User Research: Commuters in motion on the link light rail

A view of what a typical scene and environment on the link light rail looks like. (Image from

The Implementation

This week, I researched how commuters interact while riding the light rail. Throughout this process, my goal was to find out how I could implement better design, through observation, for the light rail. Since the light rail is fairly new and allows for more riders than a bus, I wanted to take advantage of possible design flaws when users were faced with a new layout; I also wanted to have the ability to observe a larger quantity of rider experiences. In order to record my observations, I used the P-cubed heuristic, which stands for People, Place, and Practice. I ended up recording observations on daily interactions among both people and their surrounding environment. Some of my observations included a couple reading advertisements along the light rail, as well as a man reading a newspaper. Using the observations I collected, I found that design processes regarding light amounts for sleeping passengers and space amounts for storage could be improved or added to help benefit the overall experience for a rider.

The observations I recorded in my sketchbook using the P-Cubed heuristic.

Current Reflections

Initially, I had planned on riding a bus in order to view how commuters interacted with their environment; but after getting on a bus to attempt to observe interactions, I found that there wasn’t a lot of interaction or movement taking place. Since a bus is pretty compact, and some buses have many stops, most people were just on their phones or sleeping. When I switched over to the light rail, I found that more people were talking to each other and there was more space to move around and interact with the environment itself. If I were to conduct user research on commuting again, I would want to focus on questions like: “Is the environment between a bus and train different; and if so, why?”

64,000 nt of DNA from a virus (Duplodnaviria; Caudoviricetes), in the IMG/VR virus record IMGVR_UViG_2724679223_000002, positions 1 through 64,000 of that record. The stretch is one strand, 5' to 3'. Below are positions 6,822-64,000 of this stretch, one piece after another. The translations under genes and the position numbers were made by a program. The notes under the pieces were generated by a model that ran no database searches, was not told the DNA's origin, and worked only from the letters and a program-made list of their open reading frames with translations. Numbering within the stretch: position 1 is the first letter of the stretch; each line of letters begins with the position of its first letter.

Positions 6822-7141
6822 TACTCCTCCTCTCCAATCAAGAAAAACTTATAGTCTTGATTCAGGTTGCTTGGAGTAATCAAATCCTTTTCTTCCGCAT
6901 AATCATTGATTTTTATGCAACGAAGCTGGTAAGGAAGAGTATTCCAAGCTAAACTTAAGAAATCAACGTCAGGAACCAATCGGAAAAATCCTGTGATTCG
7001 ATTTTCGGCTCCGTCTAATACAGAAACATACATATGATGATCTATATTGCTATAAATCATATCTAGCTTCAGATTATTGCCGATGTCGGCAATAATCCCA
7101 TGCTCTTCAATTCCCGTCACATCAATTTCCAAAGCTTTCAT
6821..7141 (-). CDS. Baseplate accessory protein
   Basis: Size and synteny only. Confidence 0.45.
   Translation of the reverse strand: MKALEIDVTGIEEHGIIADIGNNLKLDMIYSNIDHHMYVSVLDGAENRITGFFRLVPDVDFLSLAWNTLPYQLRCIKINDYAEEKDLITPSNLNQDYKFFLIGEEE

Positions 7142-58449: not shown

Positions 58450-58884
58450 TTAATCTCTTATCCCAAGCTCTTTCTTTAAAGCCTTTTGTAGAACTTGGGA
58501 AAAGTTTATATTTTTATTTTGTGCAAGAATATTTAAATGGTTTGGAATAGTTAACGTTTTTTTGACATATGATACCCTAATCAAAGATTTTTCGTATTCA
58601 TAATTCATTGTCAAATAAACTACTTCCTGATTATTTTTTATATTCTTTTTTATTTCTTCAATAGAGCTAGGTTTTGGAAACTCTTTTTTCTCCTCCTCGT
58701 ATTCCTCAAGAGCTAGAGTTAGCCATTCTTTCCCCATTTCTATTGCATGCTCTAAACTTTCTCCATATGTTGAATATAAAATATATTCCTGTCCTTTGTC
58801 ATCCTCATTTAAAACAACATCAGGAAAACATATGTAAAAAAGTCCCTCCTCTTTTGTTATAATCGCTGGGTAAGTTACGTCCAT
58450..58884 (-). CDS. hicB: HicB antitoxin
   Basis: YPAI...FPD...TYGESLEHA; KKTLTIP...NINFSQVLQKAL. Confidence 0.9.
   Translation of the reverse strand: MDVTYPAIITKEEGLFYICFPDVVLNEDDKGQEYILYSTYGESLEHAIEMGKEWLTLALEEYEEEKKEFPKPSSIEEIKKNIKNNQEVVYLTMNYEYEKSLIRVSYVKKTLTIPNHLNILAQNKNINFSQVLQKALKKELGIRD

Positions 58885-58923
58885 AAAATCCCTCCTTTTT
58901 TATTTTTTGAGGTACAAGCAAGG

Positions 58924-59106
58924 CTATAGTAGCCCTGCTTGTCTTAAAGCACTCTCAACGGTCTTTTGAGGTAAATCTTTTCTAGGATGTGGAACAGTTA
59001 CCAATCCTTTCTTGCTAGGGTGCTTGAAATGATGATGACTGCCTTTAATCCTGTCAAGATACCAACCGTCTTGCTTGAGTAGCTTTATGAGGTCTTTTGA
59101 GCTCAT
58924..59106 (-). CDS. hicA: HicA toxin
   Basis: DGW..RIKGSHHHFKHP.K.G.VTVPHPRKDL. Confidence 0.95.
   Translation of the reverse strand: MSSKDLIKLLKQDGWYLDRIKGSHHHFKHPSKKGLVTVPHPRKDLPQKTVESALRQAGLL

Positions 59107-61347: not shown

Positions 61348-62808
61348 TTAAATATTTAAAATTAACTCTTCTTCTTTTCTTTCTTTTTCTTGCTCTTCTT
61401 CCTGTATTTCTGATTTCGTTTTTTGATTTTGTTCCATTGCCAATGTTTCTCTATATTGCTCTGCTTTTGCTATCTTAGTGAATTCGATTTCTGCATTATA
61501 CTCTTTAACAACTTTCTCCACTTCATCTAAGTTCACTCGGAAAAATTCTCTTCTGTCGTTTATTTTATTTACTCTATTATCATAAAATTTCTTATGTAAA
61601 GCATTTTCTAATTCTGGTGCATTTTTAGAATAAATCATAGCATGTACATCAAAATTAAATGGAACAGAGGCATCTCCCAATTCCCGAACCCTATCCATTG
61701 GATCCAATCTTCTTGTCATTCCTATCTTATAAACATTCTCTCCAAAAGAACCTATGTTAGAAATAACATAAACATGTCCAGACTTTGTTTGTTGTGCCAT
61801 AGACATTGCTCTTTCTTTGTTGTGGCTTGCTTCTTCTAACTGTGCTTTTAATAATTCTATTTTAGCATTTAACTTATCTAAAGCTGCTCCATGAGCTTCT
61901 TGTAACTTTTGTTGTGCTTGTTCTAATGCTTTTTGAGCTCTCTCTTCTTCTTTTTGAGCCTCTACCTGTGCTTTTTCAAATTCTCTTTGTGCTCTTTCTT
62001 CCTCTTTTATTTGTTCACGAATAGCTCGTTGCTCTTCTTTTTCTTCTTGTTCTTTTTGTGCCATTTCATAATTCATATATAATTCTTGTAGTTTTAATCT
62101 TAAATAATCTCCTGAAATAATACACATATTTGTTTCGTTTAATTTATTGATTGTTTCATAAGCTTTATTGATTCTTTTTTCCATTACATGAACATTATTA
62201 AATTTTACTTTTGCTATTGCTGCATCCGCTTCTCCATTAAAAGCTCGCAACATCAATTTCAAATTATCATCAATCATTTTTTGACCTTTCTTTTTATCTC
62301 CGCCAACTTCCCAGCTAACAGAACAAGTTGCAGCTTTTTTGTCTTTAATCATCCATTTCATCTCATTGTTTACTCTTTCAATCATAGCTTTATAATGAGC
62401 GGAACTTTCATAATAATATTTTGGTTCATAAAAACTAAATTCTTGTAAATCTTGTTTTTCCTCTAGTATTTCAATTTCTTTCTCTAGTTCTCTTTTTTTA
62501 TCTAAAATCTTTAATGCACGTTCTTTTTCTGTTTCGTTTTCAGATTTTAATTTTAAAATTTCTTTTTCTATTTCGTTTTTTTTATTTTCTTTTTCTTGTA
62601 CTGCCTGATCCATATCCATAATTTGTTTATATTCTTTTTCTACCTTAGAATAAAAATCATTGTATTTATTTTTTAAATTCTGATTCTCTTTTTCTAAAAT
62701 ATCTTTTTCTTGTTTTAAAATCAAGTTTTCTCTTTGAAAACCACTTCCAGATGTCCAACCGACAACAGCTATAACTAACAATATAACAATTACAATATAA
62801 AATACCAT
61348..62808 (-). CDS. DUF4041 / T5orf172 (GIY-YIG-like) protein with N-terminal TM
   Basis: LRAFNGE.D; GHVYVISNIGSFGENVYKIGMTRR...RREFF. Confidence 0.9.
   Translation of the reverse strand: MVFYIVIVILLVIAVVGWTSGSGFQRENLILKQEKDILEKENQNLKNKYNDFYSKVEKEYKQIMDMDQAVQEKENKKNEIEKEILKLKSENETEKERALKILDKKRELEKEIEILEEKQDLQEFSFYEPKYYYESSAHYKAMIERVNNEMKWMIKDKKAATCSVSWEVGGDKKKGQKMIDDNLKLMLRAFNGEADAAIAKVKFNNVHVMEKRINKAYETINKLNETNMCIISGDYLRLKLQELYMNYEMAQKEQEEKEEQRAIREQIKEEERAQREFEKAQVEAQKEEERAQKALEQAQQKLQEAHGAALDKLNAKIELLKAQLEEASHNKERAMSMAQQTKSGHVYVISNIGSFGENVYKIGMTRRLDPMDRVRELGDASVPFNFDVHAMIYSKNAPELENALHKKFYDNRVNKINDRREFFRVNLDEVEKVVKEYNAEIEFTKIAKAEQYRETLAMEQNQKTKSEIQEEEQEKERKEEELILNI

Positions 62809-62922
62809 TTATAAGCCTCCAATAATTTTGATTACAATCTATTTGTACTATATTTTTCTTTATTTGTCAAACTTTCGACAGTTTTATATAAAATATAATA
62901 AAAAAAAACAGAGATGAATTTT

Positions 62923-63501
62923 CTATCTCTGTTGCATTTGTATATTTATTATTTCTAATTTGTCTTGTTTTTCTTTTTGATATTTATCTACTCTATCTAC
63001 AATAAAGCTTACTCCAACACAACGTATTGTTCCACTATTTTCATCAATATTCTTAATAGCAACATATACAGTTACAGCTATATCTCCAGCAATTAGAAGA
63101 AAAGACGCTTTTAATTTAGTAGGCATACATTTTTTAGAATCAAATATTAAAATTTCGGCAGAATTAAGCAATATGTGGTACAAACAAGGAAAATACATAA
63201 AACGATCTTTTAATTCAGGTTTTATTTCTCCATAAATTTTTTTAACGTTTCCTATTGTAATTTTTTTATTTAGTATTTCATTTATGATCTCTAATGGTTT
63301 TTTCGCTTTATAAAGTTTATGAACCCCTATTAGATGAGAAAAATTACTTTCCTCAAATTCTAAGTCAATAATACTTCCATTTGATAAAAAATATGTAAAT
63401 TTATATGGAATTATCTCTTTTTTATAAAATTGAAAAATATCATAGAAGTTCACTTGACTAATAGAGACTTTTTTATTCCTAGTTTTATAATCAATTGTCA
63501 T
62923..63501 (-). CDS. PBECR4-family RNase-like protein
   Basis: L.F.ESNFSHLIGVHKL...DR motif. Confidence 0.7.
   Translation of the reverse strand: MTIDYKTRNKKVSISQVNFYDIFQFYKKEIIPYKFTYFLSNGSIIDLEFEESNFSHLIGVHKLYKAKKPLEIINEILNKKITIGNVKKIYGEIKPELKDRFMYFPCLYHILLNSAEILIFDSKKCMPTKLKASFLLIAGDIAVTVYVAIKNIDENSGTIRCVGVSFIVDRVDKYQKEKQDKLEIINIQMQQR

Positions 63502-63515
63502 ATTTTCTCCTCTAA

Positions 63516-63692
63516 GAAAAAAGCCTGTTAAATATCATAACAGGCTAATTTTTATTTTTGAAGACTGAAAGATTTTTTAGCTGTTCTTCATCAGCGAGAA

Possible Implementations

User research is extremely important in just about every field, but I could see real-life observation-based research being implemented well into other transportation services that aim to improve comfort and customer experience. For example, in airlines, limo services, or even taxi services, customer experience is extremely important. In an airline, if user observation was able to be implemented, the company would be able to see how they could better improve the design of their meal services, entertainment modules, and overall customer comfort practices. Although customer experience is important online as well, it wouldn’t be necessary to implement the technique of real-life observation-based research into websites. Since the important information usually relies in how the user interacts with the computer, most of the data needed would have already been recorded digitally.

Image Source:

Seattle’s Link Light Rail Daily Passenger Boarding Count — Graphical charts show day by day ridership changes. (2016, December 8). Retrieved February 14, 2017, from